N.Y. security bill resurrected at last moment
In a surprise move July 21, the New York Assembly and Senate passed and sent to Gov. George Pataki a massive anti-terrorism bill. (The bill had seemed to die last month due to lack of general support in the legislature.) The law covers everything from criminal possession of chemical or biological weapons to money laundering. And buried within its 15,800 words is a small section covering general aviation.
"AOPA worked closely with the bill sponsor and the governor's office, and we were able to tone down the more Draconian provisions being considered to get a bill that pretty much meets the guidelines we have suggested that all general aviation airports follow," said Andy Cebula, AOPA senior vice president of Government and Technical Affairs. "However, the section requiring double locks on aircraft is excessive, but we will work with the New York Department of Transportation to ensure that the actual implementation does not adversely affect pilots."
The bill would require airports to register with the state and supply contact information and a security plan. That security plan should be consistent with (and in fact, no more stringent than) TSA's "Guidelines for General Aviation Airports," which AOPA helped develop and recommends as reasonable, scaled procedures appropriate for the different categories of GA airports.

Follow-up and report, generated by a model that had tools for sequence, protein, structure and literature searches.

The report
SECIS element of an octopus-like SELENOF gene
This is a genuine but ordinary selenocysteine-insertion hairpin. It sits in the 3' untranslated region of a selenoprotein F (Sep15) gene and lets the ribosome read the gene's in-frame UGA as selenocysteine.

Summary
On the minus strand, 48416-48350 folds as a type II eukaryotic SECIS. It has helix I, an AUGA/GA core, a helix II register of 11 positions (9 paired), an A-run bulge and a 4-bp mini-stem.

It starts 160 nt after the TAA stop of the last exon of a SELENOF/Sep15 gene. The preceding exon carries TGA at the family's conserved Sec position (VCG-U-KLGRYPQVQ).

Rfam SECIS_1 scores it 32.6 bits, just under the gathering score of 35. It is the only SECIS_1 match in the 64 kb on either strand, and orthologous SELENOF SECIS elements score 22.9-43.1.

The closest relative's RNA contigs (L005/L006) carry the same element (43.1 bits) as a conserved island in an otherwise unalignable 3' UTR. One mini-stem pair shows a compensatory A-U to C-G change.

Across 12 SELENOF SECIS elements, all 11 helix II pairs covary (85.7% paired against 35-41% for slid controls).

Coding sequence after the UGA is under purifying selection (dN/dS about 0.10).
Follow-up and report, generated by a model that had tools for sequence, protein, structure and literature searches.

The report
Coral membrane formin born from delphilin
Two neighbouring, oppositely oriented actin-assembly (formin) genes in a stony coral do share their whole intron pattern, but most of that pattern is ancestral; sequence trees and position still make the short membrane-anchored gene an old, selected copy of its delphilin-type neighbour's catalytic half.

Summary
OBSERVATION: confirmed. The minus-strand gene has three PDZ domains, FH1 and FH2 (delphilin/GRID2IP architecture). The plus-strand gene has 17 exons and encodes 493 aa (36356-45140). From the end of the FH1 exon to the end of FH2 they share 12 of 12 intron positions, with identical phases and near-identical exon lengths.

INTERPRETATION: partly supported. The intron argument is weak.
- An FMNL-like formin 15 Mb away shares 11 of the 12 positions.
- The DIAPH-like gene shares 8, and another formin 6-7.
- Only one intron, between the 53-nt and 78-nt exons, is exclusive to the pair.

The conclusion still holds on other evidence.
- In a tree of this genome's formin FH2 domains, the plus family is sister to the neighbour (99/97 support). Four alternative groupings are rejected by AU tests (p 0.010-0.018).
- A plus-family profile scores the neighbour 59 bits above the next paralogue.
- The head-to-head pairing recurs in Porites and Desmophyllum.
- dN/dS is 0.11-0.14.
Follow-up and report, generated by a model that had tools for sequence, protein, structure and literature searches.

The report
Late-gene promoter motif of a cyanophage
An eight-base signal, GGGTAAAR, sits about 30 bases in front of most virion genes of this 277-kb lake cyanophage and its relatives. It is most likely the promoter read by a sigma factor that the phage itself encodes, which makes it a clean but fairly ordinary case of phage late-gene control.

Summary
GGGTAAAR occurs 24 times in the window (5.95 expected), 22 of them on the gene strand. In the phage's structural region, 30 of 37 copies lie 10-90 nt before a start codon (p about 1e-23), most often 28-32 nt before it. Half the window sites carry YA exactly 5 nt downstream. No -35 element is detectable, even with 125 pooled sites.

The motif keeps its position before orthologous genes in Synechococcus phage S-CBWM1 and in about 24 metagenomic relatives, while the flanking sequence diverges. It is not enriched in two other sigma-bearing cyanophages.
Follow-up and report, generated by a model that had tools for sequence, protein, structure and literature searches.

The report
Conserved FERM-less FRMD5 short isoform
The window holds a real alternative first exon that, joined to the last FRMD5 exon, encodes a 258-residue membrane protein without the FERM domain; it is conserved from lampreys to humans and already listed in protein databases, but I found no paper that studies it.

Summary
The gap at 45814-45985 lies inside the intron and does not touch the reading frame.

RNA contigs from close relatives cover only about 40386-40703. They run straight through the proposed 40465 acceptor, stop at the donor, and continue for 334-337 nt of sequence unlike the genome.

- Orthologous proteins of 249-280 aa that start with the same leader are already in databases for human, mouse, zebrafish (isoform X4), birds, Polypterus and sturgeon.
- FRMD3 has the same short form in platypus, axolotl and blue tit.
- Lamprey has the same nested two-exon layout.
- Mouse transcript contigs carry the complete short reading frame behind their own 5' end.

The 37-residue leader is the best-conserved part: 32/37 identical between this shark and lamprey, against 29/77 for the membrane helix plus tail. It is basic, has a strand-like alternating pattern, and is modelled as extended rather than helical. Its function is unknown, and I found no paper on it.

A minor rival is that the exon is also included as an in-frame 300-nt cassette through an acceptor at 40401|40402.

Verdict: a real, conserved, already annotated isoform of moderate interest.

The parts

The New York law requires the posting of warning signs, like AOPA's Airport Watch signs. It also requires hangars to be locked when not in use. Aircraft passengers at public-use airports should be identified. Flight schools and aircraft rental operators should control access to aircraft keys, and renter pilots would have to show a government-issued ID to get an aircraft key. Airport operators are to log transient aircraft.
Aircraft owners are to double-lock their aircraft with both an internal and external lock.
"We will continue to work with the governor's office and state officials on the implementation of this requirement," said Cebula. "It must be done in a reasonable manner.
"Bottom-line, 98 percent of the aviation parts of this bill are 'best practices' that the industry has been recommending all along," said Cebula. "We'll continue our advocacy to adjust the remaining two percent."
July 22, 2004